Gilby Clarke's Pawnshop Guitars|
One of the most prolific former members of G'N'R, former Kill For Thrills
member Clarke has a number of great solo albums under his belt.
Granted, his short stint in Guns 'N' Roses as Izzy Stradlin's replacement
probably fueled label interest at first, but his talent is readily
apparent on his debut, Pawnshop Guitars. This is his best, most
consistent record, and his covers of The Clash's "Jail Guitar Doors"
and the Stones' "Dead Flowers" are worth the purchase price on their own.
Duff McKagan's "10 Years"
Although Duff's solo debut, Believe In Me, is
middle-of-the-road stuff, a few songs stand out. "10 Years" is a throwback to
Duff's punk past and shows an unexpected depth of songwriting.
Izzy Stradlin & the Juju Hounds' Self-titled
The one who got out while the gettin' was good, Stradlin rejected G'N'R's
success and excess early on and left the band during their heyday. His
debut, an Exile On Main Street-influenced romp,
was lauded for its bluesy roots-rock appeal but failed to catch on with
Slash's Snakepit's "Lower"
While Slash's first post-Guns outing was iffy at best (people wanted a
G'N'R knock-off, not It's 5 O'Clock Somewhere), a handful of tracks revealed the outfit's true potential. Both "Lower" and "Neither Can I" gradually build into frenzied metal
classics that deserve their place at the top of the heap.
A strong departure from Buckethead's days in Praxis (with
experimentalist Bill Laswell) and his various Bucketheadland
releases. Doing away with screaming guitars and his typical
Malmsteen-esque guitar escapades, he instead opts for a
stripped-down, New Agey record that's almost unbelievably slow. It's an amazing effort,
and puzzles listeners who had previously pigeonholed the musician as a
Neurotic Outsiders' Self-titled
One of the oddest line-ups since The Power Station, the short-lived
Neurotic Outsiders featured Matt Sorum, Duff McKagan, former Sex Pistol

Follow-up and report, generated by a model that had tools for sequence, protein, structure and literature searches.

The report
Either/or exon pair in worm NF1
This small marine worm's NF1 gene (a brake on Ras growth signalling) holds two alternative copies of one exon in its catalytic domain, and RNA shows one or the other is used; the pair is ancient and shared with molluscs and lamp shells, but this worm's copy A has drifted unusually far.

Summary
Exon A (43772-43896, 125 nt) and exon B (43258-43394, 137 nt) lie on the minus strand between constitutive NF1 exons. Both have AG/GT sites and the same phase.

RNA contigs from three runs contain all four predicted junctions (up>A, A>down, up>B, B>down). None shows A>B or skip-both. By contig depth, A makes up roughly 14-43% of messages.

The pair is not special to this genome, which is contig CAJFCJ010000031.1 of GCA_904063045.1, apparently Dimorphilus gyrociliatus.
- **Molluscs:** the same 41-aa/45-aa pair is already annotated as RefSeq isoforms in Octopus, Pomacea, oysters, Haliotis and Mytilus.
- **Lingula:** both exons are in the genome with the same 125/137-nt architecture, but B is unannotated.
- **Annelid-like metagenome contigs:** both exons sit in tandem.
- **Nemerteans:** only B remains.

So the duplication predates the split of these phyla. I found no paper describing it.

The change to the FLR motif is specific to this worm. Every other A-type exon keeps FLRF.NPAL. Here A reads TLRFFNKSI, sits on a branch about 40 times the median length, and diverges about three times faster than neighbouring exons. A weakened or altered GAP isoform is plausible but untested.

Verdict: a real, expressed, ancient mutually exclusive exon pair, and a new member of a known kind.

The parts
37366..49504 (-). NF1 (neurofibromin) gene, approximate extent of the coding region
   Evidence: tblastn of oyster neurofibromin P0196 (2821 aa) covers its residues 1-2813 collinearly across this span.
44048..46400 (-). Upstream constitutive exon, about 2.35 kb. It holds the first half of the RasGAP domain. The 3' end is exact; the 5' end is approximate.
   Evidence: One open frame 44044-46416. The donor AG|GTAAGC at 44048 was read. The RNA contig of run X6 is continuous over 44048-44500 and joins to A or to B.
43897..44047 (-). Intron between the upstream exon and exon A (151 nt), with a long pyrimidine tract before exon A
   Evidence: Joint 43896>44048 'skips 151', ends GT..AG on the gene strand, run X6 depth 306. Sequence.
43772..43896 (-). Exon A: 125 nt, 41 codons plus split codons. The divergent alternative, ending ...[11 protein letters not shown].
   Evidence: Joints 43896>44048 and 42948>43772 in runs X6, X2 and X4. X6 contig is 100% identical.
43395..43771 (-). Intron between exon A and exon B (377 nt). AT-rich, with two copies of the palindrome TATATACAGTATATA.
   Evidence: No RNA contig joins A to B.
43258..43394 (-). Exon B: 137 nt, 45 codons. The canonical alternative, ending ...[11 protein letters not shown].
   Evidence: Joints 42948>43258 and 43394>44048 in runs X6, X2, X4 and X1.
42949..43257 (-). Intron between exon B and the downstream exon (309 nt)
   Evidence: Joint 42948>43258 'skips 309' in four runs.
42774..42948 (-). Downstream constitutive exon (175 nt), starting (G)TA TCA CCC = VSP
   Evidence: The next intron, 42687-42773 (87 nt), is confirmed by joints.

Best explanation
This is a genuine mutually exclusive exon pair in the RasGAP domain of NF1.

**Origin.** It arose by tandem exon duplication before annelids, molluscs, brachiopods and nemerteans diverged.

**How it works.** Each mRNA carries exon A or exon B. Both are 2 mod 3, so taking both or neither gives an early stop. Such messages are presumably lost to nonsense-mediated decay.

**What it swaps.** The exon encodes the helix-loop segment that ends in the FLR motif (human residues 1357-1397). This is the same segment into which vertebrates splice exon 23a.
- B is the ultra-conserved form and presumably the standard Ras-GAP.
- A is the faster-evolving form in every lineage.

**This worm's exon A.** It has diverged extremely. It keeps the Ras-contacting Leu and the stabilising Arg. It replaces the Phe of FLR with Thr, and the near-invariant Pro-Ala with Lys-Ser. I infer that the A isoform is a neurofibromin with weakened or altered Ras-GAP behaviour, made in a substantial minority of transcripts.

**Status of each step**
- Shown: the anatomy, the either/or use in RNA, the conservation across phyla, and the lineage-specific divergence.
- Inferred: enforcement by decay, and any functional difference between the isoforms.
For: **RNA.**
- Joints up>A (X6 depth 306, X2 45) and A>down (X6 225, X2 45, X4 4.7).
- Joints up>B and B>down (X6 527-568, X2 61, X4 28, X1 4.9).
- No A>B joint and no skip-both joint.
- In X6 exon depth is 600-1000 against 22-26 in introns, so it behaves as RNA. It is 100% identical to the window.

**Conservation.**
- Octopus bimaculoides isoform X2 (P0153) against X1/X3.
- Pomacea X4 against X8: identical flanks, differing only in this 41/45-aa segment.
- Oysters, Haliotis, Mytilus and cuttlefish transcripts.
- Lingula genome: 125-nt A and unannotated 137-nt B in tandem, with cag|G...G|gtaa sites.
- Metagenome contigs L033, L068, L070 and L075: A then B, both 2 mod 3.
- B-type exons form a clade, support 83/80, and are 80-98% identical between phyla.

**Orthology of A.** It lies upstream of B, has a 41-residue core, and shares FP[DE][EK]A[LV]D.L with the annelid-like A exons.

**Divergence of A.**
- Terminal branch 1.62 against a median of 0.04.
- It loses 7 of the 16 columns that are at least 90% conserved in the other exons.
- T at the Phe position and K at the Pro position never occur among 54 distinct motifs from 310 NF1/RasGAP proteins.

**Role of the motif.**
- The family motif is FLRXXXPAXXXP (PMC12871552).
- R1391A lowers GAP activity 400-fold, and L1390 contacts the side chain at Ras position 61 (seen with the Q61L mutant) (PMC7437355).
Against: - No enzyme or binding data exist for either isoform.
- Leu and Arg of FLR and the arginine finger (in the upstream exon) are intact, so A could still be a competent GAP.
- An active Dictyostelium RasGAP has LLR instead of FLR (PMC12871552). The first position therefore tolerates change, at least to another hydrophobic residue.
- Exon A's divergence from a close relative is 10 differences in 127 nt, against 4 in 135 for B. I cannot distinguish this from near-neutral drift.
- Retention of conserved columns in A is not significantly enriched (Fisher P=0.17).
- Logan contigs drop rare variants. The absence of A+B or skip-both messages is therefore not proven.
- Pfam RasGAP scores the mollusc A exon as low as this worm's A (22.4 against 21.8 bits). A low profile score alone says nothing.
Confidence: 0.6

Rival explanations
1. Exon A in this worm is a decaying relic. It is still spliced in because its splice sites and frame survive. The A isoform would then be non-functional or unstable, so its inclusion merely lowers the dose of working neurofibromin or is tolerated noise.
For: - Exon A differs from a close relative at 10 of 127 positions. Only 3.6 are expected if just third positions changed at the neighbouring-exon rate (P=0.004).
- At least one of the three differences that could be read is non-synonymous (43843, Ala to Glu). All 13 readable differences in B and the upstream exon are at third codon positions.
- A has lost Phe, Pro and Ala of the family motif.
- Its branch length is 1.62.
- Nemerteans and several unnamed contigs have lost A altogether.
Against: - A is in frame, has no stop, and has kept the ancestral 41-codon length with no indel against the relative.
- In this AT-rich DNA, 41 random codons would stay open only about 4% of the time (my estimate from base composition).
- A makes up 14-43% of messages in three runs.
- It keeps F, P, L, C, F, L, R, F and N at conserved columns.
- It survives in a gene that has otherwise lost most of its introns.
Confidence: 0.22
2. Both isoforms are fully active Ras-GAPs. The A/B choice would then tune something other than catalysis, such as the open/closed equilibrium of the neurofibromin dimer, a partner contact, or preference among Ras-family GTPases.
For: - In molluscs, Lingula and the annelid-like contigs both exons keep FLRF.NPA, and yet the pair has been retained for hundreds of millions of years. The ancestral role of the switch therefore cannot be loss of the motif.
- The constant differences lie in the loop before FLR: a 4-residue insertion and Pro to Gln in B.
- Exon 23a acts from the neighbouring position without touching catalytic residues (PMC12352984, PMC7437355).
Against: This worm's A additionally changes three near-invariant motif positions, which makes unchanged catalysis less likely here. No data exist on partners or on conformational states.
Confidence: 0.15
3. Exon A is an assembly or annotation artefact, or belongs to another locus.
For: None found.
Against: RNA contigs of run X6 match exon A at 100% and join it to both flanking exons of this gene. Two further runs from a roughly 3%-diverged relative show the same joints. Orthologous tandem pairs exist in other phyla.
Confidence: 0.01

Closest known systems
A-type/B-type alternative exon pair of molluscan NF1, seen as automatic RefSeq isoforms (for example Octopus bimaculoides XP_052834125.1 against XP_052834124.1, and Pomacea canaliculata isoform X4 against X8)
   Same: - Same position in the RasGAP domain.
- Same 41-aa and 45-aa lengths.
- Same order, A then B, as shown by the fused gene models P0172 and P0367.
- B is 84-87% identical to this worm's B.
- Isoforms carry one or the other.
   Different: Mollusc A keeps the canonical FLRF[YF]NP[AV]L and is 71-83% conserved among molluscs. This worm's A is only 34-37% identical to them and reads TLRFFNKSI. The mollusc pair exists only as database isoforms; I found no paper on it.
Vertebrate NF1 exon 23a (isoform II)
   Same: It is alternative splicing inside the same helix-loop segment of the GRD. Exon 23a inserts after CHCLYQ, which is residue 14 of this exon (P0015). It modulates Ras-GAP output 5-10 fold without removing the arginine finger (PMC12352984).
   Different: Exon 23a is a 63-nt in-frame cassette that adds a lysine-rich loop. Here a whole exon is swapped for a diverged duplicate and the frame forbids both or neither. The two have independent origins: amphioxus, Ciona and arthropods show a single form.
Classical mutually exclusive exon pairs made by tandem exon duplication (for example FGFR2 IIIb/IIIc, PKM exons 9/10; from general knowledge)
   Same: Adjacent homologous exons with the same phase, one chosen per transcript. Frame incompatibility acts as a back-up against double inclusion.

Steve Jones and Duran Duran's John Taylor. Their songs were mostly
juvenile anthems about sex and strippers, but as usual, a few of the songs
("Angelina", "Feelings Are Good", and "Story Of My Life") were too good
to miss. Their cover of The Clash's "Janie Jones" should have been a
Gilby Clarke's The Hangover
Clarke was in a glammed-out mood for this 1997 record. Songs like
"Wasn't Yesterday Great", "Blue Grass Mosquito", and his cover of
Bowie's "Hang On To Yourself" show the guitarist in rare form. This
underrated album barely made a blip on the sales charts, but it's a treasure for rock 'n' roll
fans. Clarke's cover of "Happiness Is A Warm Gun" is also worth a listen.
Loaded's Dark Days
Duff's Japan-only release marks a return to the musician's punk roots,
and is a clear indication of how far his talent has progressed since his
drugged-out days in Guns 'N' Roses. If you can find this one, go ahead
and pick it up -- if you don't like it, you can always hock it to a Velvet Revolver fan on Ebay.
Buckethead's Electric Tears
Another mellow departure for the extraordinary guitarist. Obviously, the
time Buckethead spent with Axl hasn't removed his ability to create new and
beautiful music -- Electric Tears is similar to his work on Colma, but
with less of an electronic/New Age bent. "Sketches Of Spain (For
Miles)" is ample proof that Buckethead should be scoring films instead of
taking orders from Axl on an album that may never see the light of day.
Velvet Revolver's Contraband
Okay, you knew it was on the list somewhere. Despite being loaded with
radio-friendly rock anthems, Contraband has its high points --
most notably the songs you won't hear on Clear Channel stations. True,
a different singer would have been better than former STP frontman
Scott Weiland, but undoubtedly wouldn't have garnered the band as much
attention as they've received. Their live covers, which can be found on
any (hush hush) P2P network, are the best of the lot, and well worth searching for.
Col. Parker's Rock N Roll Music
Gilby Clarke and Stray Cats' Slim Jim Phantom may seem like an odd
combination, but in the short-lived Col. Parker they concocted an
effective mixture of garage and blues -- not a huge departure
for either musician, but well-crafted stuff nonetheless. Another of those albums that critics seem to love and no one ever hears.
Izzy Stradlin's On Down The Road
This 2002 release is Stradlin's tribute to the purity of seventies rock. Part Black Crowes, part Memphis blues, part Rolling Stones (of
course), the album is Stradlin's most ambitious and mature material.
Slash's Snakepit's Ain't Life Grand
"Life's Sweet Drug" alone is worth most of this one's purchase price -- and not just because the you'll almost always find this one under a quarter-inch of dust in a record store's cut-out bin. While life wasn't quite as grand for Slash back then as it is now
that Velvet Revolver is all the rage, his second solo offering is